UK business sees Brexit effect as forecasts cut
May 16 2016 08:49 PM
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An employee fits a rear wheel on a folding bicycle in the assembly area inside the Brompton Bicycle factory in London. Britain’s competitiveness is being “undermined by our membership of a failing EU” and “Brussels red tape stifles” millions of companies, a letter signed by 300 business people, published by the Telegraph newspaper said.

Bloomberg/London

Britain’s biggest business lobby cut its growth forecasts for the UK economy and said the referendum on European Union membership has put a “dark cloud of uncertainty” over the outlook.
The warning yesterday from the Confederation of British Industry follows an intense week of back and forth between both sides of the debate before the June 23 vote, with International Monetary Fund Managing Director Christine Lagarde and Bank of England Governor Mark Carney saying that leaving the EU could trigger a recession.
Those interventions prompted accusations of scaremongering from Brexit campaigners including former Chancellor of the Exchequer Norman Lamont. Also yesterday, the Telegraph newspaper published a letter signed by 300 business people saying that the UK would be better off outside the EU.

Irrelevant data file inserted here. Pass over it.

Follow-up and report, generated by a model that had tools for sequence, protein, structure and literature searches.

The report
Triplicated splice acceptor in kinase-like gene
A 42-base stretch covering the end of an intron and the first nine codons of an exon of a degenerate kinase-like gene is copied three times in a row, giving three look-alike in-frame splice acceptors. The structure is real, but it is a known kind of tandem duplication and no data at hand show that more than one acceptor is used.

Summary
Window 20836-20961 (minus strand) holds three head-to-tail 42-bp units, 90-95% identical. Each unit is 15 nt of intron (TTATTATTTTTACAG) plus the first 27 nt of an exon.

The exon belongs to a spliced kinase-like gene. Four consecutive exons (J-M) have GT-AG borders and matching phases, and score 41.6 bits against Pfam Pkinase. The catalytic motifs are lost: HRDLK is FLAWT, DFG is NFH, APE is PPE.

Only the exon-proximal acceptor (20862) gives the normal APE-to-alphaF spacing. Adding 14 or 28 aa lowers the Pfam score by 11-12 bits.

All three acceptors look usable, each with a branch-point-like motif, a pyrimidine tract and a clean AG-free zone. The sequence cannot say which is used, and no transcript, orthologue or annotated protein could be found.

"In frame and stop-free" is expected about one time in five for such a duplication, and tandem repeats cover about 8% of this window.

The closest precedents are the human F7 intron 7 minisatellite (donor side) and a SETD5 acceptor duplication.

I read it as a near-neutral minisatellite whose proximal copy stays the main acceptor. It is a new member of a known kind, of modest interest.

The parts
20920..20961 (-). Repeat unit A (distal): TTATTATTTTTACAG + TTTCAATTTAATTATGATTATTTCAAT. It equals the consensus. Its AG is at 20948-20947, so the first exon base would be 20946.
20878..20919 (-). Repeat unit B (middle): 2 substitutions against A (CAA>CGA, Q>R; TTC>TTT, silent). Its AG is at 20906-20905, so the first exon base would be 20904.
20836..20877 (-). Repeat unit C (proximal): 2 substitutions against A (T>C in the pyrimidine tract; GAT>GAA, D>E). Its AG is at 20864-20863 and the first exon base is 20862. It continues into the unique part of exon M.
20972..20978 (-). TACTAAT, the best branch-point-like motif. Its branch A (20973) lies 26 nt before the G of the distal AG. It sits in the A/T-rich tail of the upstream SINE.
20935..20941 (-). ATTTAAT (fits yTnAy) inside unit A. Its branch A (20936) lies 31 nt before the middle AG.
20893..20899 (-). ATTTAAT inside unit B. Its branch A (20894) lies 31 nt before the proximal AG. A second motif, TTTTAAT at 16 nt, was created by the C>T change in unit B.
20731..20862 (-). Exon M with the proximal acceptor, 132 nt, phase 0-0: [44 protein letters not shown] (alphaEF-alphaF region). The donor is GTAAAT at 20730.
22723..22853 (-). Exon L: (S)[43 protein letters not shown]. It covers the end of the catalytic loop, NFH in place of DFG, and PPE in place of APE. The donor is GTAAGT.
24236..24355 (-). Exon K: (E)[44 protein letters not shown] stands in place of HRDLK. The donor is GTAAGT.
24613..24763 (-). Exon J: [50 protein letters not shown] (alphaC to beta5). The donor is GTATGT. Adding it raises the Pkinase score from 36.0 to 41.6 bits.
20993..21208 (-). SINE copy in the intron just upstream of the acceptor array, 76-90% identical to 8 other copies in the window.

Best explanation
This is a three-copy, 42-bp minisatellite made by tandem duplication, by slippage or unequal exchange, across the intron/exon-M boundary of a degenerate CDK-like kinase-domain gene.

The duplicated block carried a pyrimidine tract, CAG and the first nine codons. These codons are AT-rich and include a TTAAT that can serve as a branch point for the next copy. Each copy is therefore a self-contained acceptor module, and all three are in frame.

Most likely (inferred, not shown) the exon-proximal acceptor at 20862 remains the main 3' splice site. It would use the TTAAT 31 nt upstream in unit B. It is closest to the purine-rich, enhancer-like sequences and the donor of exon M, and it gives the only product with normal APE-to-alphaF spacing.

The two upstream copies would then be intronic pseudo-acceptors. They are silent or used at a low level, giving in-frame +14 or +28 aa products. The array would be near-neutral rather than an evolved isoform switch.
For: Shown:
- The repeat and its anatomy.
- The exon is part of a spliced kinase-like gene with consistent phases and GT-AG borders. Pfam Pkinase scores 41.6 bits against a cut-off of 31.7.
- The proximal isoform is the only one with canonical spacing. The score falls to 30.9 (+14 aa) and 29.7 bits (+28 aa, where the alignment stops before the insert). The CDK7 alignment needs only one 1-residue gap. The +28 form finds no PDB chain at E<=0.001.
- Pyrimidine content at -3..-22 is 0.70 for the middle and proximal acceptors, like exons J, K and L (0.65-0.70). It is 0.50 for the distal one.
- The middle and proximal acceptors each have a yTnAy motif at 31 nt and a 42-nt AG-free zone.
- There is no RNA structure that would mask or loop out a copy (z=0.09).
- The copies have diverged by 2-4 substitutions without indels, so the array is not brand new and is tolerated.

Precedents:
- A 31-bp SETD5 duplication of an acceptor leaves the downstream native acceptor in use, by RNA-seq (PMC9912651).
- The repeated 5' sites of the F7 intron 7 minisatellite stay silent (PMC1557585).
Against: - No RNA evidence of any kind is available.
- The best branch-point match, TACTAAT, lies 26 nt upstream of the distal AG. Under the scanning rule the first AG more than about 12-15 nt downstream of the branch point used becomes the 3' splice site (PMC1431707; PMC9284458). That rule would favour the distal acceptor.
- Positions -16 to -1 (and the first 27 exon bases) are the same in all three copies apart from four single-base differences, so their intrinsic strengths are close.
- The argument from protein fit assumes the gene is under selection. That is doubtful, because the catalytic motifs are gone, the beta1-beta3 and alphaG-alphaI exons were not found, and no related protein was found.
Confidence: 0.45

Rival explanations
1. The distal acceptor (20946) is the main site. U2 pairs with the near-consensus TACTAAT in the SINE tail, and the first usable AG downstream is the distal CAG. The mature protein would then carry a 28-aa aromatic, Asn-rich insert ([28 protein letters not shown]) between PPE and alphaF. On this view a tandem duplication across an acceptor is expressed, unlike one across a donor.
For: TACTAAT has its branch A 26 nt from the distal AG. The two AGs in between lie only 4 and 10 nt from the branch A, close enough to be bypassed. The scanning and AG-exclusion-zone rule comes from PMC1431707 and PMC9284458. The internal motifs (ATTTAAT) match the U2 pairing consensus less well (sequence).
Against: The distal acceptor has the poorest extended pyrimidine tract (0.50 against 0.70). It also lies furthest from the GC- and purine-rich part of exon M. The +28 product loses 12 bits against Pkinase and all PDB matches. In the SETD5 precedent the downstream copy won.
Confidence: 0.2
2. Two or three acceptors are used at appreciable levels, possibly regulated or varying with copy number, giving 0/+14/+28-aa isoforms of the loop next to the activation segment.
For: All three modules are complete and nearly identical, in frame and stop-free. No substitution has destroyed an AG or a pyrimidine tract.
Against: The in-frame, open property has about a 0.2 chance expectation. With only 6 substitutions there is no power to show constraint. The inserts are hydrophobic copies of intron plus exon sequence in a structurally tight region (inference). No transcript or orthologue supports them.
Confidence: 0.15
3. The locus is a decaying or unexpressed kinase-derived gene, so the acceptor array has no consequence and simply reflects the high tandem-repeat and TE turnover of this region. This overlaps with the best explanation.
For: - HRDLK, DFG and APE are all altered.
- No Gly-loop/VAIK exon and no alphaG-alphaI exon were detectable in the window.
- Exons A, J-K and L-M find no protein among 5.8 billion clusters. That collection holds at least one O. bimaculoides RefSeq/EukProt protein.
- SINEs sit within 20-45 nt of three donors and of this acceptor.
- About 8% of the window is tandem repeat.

Britain’s competitiveness is being “undermined by our membership of a failing EU” and “Brussels red tape stifles” millions of companies, they said.
The issue of EU membership and the potential implications of quitting the bloc are dominating the political and economic landscape in the UK Global prospects are also less assured than at the start of the year and the IMF has warned that the world economy is at risk of slipping into stagnation.
The CBI now sees UK gross domestic product rising 2% this year and next, down from 2.3% and 2.1%, it said in London yesterday. That’s in line with the BoE, which lowered its projections on Thursday.
“A dark cloud of uncertainty is looming over global growth, particularly around weakening emerging markets and the outcome of the EU referendum, which is chilling some firms’ plans to invest,” said CBI director-general Carolyn Fairbairn. “We expect the UK’s growth path to continue but it is likely to be at a slower rate than previously thought.”
Growth slowed to 0.4% in the first quarter and surveys point to a continued loss of momentum. Data this week will provide new insights into the economy, starting with a report today that’s forecast to show inflation held at 0.5% in April, far below the BoE’s 2% target.
Basic-wage growth probably accelerated to 2.3% in the first quarter from 2.2% in the three months through February and retail sales probably rose for the first time in three months in April, economists forecast before separate reports on Wednesday and Thursday. The CBI will release its monthly factory-orders report on Friday.